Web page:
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LOCOMOTION February 2023 Newsletter


LOCOMOTION study recruitment reached 1957 in February 2023!

Graph showing recruitment to the Locomotion study up to February 2023.

Long COVID Publications:

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Study Updates:

  • Researchfish submission and NIHR progress report are due in March. The National Institute for Health and Care Research (NIHR) are the funder of the LOCOMOTION study. We provide a detailed update every 6 months to the NIHR (during the study), and yearly (during and after the study) on Researchfish. Researchfish is used by funders to collect impact-related data to advocate research and inform funding strategies. The updates we provide include progress against project milestones, engagement activities conducted, influence created on policy and practice, and scientific publications generated.
  • External Advisory Group meeting upcoming in March. This group meets every 6-months. It consists of study team members, independent experts, and external public partners. We meet to provide an update on progress and discuss upcoming priorities, for advice and feedback.
  • Locomotion Scientific Conference. A hybrid conference is being planned to take place in a few months time for Locomotion team members. Work package teams will be invited to present their current findings and have sessions for some group work, paper writing plans, etc. As this is our first in-person meeting, it's an opportunity for co-researchers to meet those they have been working with and develop future collaboration plans. It will be a hybrid meeting to accommodate those who cannot travel due to health and other reasons.

Long Covid Webinar:

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  • Goodbye & Thank You: Emily Bullock was working as the Clinical Research Fellow at our Salford NHS site. She has now moved on to a new role, the study team are sad to see her leave but thank her for her great contribution to the study.
  • Congratulations: Dr Manoj Sivan (Co-CI of the study) has been appointed Editor-in-Chief of SAGE journal ‘Advances in Rehabilitation Science and Practice’.

Team Member Profile – Ruairidh Milne (Patient Advisory Group Co-Lead):

  • Background – I had Covid in March 2020, early in the first lockdown, and haven’t recovered since - so far, at least. Because of this, I had to retire from my job working for the NIHR, based at the University of Southampton. Before that, I worked as a public health doctor in a variety of roles, including many years advising NICE.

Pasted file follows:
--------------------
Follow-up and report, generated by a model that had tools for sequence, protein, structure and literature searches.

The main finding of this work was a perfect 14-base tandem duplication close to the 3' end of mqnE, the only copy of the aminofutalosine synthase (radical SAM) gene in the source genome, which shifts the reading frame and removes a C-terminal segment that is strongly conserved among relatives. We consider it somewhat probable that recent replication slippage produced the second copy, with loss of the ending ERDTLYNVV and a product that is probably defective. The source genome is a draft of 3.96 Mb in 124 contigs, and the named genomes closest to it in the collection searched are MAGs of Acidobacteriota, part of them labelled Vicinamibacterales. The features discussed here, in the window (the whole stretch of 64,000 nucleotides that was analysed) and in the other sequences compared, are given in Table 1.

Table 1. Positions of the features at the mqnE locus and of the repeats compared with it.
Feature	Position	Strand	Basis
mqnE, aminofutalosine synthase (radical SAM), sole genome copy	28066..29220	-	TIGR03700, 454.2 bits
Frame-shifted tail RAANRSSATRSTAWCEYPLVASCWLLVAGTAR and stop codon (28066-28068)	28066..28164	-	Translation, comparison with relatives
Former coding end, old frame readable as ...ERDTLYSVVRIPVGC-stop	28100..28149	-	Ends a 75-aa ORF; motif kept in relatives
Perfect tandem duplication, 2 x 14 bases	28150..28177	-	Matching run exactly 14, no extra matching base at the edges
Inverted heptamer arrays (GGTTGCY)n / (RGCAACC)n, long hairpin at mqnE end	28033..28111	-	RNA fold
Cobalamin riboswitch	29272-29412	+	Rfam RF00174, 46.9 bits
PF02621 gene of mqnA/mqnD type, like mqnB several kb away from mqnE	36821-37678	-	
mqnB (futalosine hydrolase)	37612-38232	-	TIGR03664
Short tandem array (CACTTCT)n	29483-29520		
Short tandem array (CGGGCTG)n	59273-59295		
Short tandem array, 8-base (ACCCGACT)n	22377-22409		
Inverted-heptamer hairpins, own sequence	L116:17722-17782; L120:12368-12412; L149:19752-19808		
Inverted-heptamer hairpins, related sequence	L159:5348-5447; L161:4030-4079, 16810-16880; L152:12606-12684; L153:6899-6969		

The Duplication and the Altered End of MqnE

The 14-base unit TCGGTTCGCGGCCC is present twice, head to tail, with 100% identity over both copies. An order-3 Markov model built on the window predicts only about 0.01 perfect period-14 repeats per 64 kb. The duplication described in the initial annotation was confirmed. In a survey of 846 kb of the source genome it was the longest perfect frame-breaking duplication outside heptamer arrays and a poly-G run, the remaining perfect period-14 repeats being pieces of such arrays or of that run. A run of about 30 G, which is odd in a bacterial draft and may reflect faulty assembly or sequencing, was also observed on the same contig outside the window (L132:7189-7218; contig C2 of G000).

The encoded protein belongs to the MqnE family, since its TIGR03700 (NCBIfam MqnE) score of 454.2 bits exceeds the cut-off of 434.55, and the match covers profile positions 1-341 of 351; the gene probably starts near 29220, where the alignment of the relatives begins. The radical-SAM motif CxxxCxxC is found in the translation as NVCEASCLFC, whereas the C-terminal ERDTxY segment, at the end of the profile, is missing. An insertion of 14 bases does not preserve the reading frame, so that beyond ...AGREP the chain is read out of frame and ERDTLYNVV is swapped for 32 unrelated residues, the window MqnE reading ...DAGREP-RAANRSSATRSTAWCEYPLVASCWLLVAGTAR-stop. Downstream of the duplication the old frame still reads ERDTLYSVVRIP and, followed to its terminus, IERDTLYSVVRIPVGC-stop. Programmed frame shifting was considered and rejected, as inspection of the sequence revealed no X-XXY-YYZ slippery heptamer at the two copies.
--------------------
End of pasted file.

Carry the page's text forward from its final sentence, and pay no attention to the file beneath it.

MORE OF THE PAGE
• My Role – I want people with Long Covid to get better care and better treatment. As co-chair of the Patient Advisory Group (PAG), I have the privilege of working with brilliant people right across Locomotion: above all, my colleagues on the PAG and the Patient Advisory Network, who inspire me every day; also the amazing Manoj, Brendan, Tom and Madeline, and the External Advisory Group; and I work very closely with the dynamic duo of Amy Rebane (Patient and Public Involvement/Engagement Manager) and Clare Rayner (my PAG co-chair). I’m also the PAG member on the publications committee and on the teams for work packages 2.2, 3.1, and 3.2.
  • Fun Fact – Until a year ago, I’d spent most of the previous six years living in Shetland,
    nearer to the Arctic circle than to London. An amazing part of the country -
    if you haven’t been, do go! It isn’t usually quite so cold as in the photo.

Photo of Ruairidh

Work Package (WP) in Focus - WP 1.1 (QIC) and 1.2 (Co-Design):

  • The Team Co-Leads Trish Greenhalgh and Julie Darbyshire, plus welcome helping hands drawn from the site teams.
  • Background WP1.1 and 1.2 focus on the experiences of Long Covid clinics. Nominally 1.1 is about the healthcare environment and those who work in it, and 1.2 is about patients but in reality, the two work packages interact a lot. We use information from patient interviews along with data from other work packages to evaluate how Long Covid clinics work and how changes are implemented.
  • Progress In the first few months of LOCOMOTION we identified some ‘tricky topics’ that were troubling both patients and clinic staff. We held group meetings to discuss how each site was approaching dysautonomia, breathlessness and breathing disorders, cognitive dysfunction, and vocational rehabilitation. The output from these discussions and follow up work has resulted in a series of articles for the BMJ Practice Pointer section that summarise current best practice.
  • Next Steps Now we have a robust evidence base for at least some of the ‘tricky topics’, we plan to evaluate how each clinic uses that information to deliver best practice care to patients. We will do this through interviews and fieldwork with sites, and from new interviews with patients. The first phase of patients recruited to tell us about their experiences of clinic were all ill with covid-19 during 2020, and told a similar story of their illness and access to the Long Covid clinics. We hope to hear different experiences from the next phase of recruitment that will demonstrate how clinics have changed over time.
Photo of Trish and Julie

Trish (left) and Julie (right)